How do I add Music to my iPhone library without iTunes?

With the launch of Apple Music and the slow demise of iTunes, many iPhone users are looking for ways to add music to their devices without using the bloated iTunes software. Thankfully, there are several easy methods to load music onto your iPhone without iTunes.

Use Apple Music

The most obvious iTunes alternative is Apple’s own music streaming service, Apple Music. An Apple Music subscription gives you access to over 75 million songs that you can download for offline listening. Just log in with your Apple ID, search for music, and add songs, albums or playlists to your Library. Everything you add gets automatically downloaded to your iPhone.

Apple Music has no upload limits, so you can add as much music as you want. It works seamlessly with the Music app on iPhone. The main downside is the $10 per month subscription fee.

Sync with Finder (macOS Catalina or later)

For Mac users running macOS Catalina or later, you can sync music using the Finder app instead of iTunes. Connect your iPhone to your Mac via USB and open Finder. In the sidebar, you should see your connected iPhone. Click on it and navigate to the Music tab.

Here you can drag and drop music files or folders onto your iPhone. Make sure Sync Library is checked to sync any music you add to your Mac’s music library. Syncing via Finder copies the music files directly onto your iPhone.

Use a Cloud Service

Cloud storage services like Google Drive, Dropbox or OneDrive make it easy to upload music from your computer and stream or download it on your iPhone. Here’s how it works:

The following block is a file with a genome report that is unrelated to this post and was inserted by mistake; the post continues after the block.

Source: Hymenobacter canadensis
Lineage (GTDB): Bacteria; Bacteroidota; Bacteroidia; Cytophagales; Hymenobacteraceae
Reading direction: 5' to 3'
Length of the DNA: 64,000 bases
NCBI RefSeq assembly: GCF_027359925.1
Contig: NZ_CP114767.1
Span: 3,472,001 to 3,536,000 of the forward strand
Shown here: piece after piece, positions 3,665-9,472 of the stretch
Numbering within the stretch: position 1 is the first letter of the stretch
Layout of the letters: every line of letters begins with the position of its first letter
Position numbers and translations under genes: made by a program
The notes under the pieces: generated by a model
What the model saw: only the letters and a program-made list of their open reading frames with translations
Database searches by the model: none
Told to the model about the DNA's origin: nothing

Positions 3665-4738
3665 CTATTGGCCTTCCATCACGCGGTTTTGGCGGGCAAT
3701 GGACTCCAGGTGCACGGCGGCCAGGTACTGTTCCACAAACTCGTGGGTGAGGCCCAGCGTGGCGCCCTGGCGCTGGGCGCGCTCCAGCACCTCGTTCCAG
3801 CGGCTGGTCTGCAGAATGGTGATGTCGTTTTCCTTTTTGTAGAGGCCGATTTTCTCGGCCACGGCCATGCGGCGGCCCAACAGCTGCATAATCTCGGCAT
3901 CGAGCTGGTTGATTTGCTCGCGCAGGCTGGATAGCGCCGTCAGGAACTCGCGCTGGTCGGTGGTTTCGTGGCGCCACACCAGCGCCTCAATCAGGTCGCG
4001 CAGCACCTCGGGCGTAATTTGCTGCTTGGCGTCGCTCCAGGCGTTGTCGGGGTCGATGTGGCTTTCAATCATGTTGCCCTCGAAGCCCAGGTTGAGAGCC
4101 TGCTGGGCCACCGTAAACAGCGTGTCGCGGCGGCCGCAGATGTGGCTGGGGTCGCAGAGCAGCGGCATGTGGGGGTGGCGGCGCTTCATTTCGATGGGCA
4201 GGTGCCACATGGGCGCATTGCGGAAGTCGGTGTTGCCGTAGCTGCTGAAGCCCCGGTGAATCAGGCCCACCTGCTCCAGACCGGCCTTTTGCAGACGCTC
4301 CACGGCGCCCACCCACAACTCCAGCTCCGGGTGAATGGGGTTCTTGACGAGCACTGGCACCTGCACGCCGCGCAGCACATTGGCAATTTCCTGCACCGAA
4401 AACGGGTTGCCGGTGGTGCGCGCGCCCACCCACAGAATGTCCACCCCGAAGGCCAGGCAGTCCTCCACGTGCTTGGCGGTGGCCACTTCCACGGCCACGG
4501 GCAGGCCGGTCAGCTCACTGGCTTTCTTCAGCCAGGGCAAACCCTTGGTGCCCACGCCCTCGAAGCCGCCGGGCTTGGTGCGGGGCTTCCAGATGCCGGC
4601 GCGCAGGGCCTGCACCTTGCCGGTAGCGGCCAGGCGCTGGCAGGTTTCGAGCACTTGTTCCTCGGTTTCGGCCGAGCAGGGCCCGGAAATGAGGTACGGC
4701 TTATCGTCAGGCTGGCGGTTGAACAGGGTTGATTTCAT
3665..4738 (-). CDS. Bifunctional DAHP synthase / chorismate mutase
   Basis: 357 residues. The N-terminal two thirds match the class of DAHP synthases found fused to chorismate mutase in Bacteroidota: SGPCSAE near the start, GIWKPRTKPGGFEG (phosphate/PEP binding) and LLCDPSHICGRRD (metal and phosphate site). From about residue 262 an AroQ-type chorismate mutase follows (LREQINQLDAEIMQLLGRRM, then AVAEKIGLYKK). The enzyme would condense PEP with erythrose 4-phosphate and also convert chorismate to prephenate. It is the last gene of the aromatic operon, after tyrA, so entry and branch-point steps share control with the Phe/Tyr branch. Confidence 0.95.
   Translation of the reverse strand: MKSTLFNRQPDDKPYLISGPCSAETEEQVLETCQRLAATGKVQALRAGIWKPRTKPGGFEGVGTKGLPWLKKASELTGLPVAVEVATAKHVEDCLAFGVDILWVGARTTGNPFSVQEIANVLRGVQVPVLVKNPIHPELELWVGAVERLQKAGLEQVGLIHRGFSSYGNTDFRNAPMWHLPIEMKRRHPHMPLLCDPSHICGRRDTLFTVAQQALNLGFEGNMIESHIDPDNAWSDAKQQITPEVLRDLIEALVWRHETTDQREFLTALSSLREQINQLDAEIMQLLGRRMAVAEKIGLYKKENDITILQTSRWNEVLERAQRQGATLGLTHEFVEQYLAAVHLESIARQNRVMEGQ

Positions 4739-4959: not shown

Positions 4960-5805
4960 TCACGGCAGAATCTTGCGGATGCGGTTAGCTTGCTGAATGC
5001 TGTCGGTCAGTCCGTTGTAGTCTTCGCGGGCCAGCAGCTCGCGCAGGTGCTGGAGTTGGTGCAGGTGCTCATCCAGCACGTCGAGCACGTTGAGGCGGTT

1. Upload your music files to your cloud service app or website
  2. Install the cloud service app on your iPhone
  3. Tap on a song to stream it, or tap the download icon to save it offline

Most cloud services have free storage quotas between 2GB to 15GB, so you can add at least some of your music collection. Paid plans remove upload limits for a monthly fee.

Use a Third-Party App

For maximum flexibility, consider using a dedicated third-party app to transfer music. Apps like WALTR 2, iMazing, AnyTrans and PhoneTrans give you options like:

  • Wirelessly transferring music over Wi-Fi
  • Converting and transferring unsupported audio formats like FLAC
  • Transferring music from multiple sources like iTunes, downloads folders and streaming services
  • Partial and batched transfers for large libraries
  • Preserving playlists and metadata when transferring

Most of these apps have free trial periods so you can test which works best for your needs. The pro versions normally cost under $50 as a one-time purchase.

Set Up Home Sharing

If you have a home Wi-Fi network, enable Home Sharing to stream music directly from a Mac or PC on the same network. Here’s how to set it up: